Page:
Went to London last night to see Anthony Neilson's 'The Wonderful World of Dissocia', and I really enjoyed it. There were some bits that weren't as good as (in my humble opinion) they could have been (e.g. the actors seemed a bit uncomfortable during the first half, and the singing could have been better), but it was a really good play. The one point I wanted to raise though, is that why is it that when people in plays/films go to fantasy make-believe lands, at the end it's always revealed to be either a dream or that they're mentally ill or they're on drugs? Why can't the fantasy world actually exist? I mean, people didn't know that Australia existed until 1770 (apart from the indigenous people living there). Salman Rushdie wrote a brilliant essay sort of saying the same thing, but I do feel disappointed that these crazy places are always passed off as a hallucination or a cat nap in literature. It's not widely publicised, but Dorothy actually chooses to live in Oz with her Auntie Em in Book 6 of the Oz series, and yet most people take the film's "it was all a dream, and you were there, and you were there" ending as gospel. Just narks me off.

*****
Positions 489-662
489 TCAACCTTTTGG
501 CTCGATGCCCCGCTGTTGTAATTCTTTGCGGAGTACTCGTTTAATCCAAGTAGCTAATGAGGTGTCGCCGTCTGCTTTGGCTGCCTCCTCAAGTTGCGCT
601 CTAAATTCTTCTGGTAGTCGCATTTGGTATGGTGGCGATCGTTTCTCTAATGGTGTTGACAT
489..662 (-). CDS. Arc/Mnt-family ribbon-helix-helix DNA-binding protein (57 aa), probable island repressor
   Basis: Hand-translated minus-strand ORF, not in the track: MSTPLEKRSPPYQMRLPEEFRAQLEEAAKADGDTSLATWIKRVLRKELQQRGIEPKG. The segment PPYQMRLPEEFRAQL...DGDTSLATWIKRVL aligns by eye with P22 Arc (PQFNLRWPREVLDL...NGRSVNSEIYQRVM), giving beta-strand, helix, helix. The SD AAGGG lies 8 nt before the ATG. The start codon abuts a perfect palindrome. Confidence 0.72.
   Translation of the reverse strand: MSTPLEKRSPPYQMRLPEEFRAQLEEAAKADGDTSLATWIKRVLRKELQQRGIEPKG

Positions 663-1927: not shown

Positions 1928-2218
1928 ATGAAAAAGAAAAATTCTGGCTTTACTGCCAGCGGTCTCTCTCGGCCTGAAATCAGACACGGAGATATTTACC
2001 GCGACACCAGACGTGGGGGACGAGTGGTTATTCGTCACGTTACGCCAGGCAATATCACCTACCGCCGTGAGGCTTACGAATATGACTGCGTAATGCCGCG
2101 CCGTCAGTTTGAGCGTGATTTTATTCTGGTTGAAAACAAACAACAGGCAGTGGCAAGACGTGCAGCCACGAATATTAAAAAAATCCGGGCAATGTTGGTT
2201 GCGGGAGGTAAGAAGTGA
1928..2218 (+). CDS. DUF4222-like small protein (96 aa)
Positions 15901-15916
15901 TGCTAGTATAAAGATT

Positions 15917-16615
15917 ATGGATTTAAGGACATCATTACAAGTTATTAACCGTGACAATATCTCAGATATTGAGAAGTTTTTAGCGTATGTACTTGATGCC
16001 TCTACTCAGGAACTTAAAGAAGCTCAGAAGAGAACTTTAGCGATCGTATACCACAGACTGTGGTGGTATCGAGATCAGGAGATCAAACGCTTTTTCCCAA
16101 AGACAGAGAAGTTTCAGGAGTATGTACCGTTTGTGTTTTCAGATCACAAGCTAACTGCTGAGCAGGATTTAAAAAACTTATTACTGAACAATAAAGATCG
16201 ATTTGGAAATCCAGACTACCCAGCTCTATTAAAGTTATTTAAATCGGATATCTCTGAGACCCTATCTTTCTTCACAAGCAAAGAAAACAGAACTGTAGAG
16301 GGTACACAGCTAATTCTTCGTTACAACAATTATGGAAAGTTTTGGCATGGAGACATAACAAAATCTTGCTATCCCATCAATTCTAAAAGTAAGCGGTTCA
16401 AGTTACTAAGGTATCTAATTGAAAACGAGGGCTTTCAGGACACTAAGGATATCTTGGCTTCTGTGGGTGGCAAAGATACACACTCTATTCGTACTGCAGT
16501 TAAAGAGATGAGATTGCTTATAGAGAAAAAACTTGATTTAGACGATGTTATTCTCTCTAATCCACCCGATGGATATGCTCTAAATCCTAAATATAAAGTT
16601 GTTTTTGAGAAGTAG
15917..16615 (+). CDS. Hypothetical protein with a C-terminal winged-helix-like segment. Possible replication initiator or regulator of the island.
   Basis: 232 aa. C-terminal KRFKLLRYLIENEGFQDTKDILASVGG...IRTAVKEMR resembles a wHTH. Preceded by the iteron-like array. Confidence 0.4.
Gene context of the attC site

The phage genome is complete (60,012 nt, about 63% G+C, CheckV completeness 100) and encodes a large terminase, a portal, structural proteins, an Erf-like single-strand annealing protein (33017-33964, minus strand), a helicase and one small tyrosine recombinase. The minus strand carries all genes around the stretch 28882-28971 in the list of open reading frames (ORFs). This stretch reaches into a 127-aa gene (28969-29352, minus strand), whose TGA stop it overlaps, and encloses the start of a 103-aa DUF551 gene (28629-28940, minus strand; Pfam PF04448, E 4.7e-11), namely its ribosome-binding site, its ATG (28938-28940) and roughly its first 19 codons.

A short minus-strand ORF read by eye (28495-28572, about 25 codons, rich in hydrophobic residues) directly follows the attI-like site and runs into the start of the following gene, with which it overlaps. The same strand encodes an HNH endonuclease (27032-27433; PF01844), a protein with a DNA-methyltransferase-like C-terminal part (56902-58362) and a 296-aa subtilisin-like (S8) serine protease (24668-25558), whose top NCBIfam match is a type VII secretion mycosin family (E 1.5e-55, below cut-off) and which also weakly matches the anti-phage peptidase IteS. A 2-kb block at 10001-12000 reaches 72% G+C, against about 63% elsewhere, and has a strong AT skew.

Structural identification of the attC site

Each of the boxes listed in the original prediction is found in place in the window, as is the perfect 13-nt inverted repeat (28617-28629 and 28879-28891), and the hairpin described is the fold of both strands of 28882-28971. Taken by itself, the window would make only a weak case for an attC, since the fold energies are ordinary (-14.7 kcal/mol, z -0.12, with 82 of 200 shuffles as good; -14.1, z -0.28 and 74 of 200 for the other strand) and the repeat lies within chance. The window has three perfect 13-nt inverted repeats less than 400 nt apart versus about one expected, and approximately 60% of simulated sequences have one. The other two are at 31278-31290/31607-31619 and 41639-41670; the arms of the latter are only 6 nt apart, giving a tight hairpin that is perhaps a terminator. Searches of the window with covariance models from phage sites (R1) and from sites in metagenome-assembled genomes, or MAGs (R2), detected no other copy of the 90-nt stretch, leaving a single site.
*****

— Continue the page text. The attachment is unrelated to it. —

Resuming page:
One other thing to note about being at the Royal Court is that all the girls in the building, aside from me, all looked the same. They were all skinny, flat-chested, with dark hair (mainly), all dressed in a manner that they would like you to call 'quirky', and were all talking pretentiously about this play or other (whilst drinking ridiculously small glasses of white wine). It was like the Court has a cloning factory out the back for creating it's staff and audience members. There was one girl in a group of people who was being introduced as a 'writer' to someone else, and she looked exactly the same as well. No wonder I'm perceived to not fit in there.